A classical fractal design that predates the mathematics of fractal geometry
is the Koch Island. I have chosen one of the several Koch Island designs to
show how these two ideas(fractal and tessellation) converge. Benoit
Mandelbrot describes this as quadric Koch Island. The initiator is a square.
The generator has N=18. Each of the four straight sides is replaced by a
line with right angles curving in and out of the square. The generator
consists of 18 sections of equal length. Each of these sections is replaced
by the generator in the next fractal cycle. The enclosed area is not changed.
The sides of the Koch Island are lines with half-turn symmetry at the
mid-point (C line). The corner of the square is also a rotation point for
one-quarter turn symmetry for the sides (C4 line). Once you tessellate
the first fractal of the Koch Island, all complex forms of the Koch Island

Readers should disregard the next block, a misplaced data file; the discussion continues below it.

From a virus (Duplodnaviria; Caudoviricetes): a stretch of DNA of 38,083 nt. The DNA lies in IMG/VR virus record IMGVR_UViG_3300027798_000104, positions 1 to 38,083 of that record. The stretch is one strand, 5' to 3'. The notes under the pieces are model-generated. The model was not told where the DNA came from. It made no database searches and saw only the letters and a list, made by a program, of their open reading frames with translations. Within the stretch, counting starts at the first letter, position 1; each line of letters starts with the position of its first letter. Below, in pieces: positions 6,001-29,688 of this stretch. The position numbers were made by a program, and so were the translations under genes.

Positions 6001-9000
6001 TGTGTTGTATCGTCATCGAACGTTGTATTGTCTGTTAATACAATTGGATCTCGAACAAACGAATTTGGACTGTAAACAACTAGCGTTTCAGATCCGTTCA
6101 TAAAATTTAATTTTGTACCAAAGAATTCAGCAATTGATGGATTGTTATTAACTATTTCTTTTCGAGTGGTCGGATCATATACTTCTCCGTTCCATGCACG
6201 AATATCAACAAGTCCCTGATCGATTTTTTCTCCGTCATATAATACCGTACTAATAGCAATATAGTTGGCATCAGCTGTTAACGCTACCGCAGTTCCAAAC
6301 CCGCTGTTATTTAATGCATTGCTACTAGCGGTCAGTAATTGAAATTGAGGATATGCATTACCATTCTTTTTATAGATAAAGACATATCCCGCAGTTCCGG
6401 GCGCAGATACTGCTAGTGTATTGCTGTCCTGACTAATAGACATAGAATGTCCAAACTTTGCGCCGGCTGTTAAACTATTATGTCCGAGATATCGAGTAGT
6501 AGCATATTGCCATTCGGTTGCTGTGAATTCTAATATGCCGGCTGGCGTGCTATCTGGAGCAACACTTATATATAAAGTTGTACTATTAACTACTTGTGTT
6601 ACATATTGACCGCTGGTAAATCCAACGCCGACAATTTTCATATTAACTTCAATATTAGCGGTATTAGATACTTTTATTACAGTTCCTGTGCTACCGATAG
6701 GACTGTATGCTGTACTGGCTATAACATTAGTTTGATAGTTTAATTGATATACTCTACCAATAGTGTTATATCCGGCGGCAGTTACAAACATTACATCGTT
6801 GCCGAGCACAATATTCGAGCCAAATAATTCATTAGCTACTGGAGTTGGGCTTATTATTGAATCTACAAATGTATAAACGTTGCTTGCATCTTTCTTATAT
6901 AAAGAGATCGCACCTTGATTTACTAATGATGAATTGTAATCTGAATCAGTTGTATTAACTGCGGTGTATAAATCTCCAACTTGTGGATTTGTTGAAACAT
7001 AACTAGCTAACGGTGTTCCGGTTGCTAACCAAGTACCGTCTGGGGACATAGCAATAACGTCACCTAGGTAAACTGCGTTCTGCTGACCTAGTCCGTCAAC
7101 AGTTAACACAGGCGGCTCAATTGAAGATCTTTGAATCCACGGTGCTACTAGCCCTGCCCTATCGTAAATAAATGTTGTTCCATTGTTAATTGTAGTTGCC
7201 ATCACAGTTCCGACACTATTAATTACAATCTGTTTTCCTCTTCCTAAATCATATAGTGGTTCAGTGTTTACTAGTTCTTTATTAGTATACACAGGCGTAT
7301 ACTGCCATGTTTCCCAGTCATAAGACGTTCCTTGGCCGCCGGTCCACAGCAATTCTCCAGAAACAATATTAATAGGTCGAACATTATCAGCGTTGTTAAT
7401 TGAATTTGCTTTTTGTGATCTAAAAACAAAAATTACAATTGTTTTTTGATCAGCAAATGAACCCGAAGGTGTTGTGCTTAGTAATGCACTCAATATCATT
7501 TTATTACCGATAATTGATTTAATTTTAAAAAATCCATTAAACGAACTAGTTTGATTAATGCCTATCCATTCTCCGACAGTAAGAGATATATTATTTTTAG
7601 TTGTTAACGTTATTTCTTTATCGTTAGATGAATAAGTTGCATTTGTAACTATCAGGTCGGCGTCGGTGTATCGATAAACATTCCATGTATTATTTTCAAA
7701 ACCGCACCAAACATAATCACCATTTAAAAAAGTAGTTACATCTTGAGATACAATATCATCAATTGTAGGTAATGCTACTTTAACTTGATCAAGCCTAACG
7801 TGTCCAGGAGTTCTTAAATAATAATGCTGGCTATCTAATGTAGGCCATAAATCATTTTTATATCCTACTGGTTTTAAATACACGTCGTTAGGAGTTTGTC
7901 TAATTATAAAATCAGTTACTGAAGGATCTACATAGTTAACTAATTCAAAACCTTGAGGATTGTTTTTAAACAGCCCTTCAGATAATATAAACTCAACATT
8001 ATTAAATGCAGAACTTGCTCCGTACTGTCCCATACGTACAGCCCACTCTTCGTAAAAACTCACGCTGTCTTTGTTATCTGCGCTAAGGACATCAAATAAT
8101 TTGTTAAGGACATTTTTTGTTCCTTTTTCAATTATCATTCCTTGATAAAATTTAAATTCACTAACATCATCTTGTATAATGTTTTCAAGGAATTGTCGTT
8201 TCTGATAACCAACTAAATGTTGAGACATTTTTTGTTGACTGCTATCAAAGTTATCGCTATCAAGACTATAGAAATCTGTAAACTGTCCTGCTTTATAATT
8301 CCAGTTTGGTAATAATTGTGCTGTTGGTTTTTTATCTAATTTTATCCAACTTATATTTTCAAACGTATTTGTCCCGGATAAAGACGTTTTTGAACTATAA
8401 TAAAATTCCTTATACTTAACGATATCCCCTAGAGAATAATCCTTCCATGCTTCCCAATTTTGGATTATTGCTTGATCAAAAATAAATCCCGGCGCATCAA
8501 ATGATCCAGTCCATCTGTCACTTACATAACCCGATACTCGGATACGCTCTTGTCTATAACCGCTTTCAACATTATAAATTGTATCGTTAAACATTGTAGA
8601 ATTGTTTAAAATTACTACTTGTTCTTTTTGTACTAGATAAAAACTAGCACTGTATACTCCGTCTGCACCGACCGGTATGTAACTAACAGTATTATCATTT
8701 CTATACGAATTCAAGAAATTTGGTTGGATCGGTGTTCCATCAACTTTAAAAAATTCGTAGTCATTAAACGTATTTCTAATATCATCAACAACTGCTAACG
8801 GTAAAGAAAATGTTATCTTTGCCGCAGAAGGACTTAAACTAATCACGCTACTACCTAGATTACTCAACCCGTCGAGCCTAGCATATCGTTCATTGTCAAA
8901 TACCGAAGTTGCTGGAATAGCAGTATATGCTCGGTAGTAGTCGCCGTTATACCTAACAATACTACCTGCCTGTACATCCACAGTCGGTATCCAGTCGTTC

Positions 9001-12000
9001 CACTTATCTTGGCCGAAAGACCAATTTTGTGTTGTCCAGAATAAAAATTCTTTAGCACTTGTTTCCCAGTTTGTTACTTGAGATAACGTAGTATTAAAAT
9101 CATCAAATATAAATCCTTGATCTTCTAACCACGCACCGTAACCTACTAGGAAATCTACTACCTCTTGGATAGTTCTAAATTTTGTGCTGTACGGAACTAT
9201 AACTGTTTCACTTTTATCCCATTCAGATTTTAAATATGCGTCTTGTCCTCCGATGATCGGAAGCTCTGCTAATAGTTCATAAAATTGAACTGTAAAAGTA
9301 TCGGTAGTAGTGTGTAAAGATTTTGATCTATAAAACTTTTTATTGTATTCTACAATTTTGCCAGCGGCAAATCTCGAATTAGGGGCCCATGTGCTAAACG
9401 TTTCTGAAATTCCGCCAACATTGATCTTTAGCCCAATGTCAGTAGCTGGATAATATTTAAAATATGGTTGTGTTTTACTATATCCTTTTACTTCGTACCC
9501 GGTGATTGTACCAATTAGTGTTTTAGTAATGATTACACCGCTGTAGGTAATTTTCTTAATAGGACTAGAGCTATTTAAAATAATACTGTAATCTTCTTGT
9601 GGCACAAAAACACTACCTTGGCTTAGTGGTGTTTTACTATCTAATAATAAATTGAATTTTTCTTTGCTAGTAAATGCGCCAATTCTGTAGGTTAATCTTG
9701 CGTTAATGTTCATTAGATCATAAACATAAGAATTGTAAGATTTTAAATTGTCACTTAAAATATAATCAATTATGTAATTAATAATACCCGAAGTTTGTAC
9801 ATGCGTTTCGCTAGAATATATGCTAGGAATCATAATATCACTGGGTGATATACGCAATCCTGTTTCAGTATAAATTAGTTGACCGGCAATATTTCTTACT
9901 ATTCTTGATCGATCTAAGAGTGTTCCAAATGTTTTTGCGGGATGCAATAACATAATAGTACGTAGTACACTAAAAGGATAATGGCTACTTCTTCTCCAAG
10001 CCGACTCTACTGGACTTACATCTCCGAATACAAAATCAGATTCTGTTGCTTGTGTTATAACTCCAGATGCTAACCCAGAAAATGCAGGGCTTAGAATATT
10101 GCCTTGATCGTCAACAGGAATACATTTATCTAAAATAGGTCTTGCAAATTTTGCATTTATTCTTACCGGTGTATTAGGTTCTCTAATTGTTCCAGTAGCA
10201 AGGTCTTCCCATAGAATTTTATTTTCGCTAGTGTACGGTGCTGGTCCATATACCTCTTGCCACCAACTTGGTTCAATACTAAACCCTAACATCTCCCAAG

can be considered as a larger clump of the first fractal. The extremity of
the more complex fractals contains the first fractal. This is also known
as symmetry of scale, or self-similarity.
By changing the generator, several different Koch Islands can be created.
In his book "The Fractal Geometry of Nature", Benoit Mandelbrot discusses
the property of the generator called self-avoiding (page 39). "A Koch
construction using carelessly chosen generators risk self-contact or
self-intersection, or even self-overlap. " This aspect of the generator
is also noticeable with doing Escher-like tessellations. It is one of
the challenges to make the boundary of an Escher-tile to be self-avoiding.
The Koch Island can be implemented with square tiles in the foyer of a house.
This is also suitable for the walls of a bath enclosure. In architecture,
you can consider the Koch Island as a structure with 4-fold symmetry. Can
this design be used as a shipping dock or an airport terminal ?
Lego pot with dragon fruit cactus
Fractal tile at Yale University
Fractals in Nature